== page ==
December 5, 2013
US President Obama focused on fixing glitches in healthcare rollout
US President Barack Obama is frustrated by the problems with the rollout of his signature healthcare reform and the administration intends to fix them.
Fresh from the US budget battles, Obama will turn his attention to convincing Americans that the healthcare program can be fixed, despite the initial problems.
Treasury Secretary Jack Lew said the administration was determined to repair the technical glitches in the online insurance exchanges that are a central part of the program known as "Obamacare," which launched on October 1.
"I think that there's no one more frustrated than the president at the difficulty in the website," Lew said. He said the US Department of Health and Human Services "has got plans to fix this and it has to fix this. It has to be done right."
Obama told aides in a recent Oval Office meeting that the administration had to take responsibility for the fact that the website was not ready on time. He is expected to address that in his remarks tomorrow.
Administration officials are expected to travel the country in the coming weeks to encourage people to sign up on the exchanges, targeting areas where there are high percentages of uninsured, according to one official.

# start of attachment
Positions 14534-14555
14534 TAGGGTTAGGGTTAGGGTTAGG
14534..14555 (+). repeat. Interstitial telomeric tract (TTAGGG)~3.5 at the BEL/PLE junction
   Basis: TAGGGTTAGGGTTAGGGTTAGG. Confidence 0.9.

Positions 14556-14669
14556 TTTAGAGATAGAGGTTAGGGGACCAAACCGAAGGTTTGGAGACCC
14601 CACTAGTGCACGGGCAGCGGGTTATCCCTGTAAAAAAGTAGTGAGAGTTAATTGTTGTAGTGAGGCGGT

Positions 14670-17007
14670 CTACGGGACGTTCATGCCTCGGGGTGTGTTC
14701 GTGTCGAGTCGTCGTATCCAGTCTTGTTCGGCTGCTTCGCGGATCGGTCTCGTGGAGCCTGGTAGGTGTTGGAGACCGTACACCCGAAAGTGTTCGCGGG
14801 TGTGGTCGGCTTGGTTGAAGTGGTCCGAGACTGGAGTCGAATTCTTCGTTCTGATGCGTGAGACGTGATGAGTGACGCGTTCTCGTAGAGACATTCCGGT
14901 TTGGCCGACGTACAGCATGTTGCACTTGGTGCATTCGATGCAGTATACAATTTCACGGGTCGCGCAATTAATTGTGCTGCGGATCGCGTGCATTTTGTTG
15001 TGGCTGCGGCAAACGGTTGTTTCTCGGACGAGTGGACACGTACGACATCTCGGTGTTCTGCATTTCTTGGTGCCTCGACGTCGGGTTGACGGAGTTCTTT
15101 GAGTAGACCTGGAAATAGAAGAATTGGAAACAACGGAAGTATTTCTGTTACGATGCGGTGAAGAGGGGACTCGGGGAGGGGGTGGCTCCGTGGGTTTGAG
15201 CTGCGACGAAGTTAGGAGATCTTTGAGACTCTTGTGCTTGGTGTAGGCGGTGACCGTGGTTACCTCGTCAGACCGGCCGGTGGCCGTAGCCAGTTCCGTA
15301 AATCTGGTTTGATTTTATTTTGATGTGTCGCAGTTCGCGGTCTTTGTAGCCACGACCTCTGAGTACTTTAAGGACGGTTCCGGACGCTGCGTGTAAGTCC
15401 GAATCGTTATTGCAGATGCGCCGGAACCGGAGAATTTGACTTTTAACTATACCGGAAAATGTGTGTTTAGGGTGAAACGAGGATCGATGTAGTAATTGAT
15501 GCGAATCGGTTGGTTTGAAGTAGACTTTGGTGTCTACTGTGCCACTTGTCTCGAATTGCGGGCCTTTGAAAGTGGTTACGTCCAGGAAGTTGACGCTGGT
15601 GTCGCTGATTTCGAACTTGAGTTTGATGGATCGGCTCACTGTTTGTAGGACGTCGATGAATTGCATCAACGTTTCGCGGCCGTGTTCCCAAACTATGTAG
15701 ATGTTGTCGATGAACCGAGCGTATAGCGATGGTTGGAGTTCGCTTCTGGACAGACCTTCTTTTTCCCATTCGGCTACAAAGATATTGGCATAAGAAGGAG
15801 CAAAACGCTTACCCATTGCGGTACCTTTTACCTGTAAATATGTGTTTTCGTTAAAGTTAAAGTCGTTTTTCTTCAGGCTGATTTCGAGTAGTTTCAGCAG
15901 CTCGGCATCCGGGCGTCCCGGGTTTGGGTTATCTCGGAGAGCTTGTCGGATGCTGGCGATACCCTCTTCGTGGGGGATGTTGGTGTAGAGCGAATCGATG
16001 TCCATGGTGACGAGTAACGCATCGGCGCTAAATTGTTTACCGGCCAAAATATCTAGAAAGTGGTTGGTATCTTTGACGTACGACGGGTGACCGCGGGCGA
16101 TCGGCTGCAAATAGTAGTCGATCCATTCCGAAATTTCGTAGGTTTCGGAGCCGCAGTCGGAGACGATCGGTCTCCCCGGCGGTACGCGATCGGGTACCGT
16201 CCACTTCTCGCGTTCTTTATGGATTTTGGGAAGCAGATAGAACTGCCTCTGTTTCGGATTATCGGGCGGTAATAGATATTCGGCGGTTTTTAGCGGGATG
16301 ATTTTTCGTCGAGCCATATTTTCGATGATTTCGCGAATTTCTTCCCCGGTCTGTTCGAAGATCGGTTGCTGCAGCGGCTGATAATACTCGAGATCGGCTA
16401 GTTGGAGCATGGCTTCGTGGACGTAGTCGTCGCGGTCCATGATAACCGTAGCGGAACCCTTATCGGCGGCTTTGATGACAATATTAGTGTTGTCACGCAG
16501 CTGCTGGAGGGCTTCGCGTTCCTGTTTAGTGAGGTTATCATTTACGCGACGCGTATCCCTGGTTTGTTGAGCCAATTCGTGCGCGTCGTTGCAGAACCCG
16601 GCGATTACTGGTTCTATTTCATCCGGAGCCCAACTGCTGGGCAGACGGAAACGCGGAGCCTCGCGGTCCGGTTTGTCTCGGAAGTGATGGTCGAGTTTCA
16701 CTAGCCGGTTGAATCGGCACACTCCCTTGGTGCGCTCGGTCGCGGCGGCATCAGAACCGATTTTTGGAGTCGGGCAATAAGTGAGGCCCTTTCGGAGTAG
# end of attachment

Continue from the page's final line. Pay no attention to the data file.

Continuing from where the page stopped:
The Patient Protection and Affordable Care Act is expected to provide private health coverage to an estimated 7 million uninsured Americans through the new online marketplaces that opened for enrollment in all 50 states on October 1.
But the website, healthcare.gov, the administration's online portal for consumers in 36 states, was hobbled by technical problems - including error messages, garbled text and delays loading pages.
Administration officials blame the problems partly on an unexpectedly high volume of visitors in its first 10 days. According to the Department of Health and Human Services, there were more than 19 million visits to the website.
"We are committed to doing better," the department said in a blog post.
Despite the problems, it said, other parts of the system were function well.
"Individuals have been able to verify their eligibility for credits, enabling them to shop for, and enroll in, low- or even no-cost health plans," the department said.
"We have updated the site several times with new code that includes bug fixes. Our team has called in additional help to solve some of the more complex technical issues we are encountering."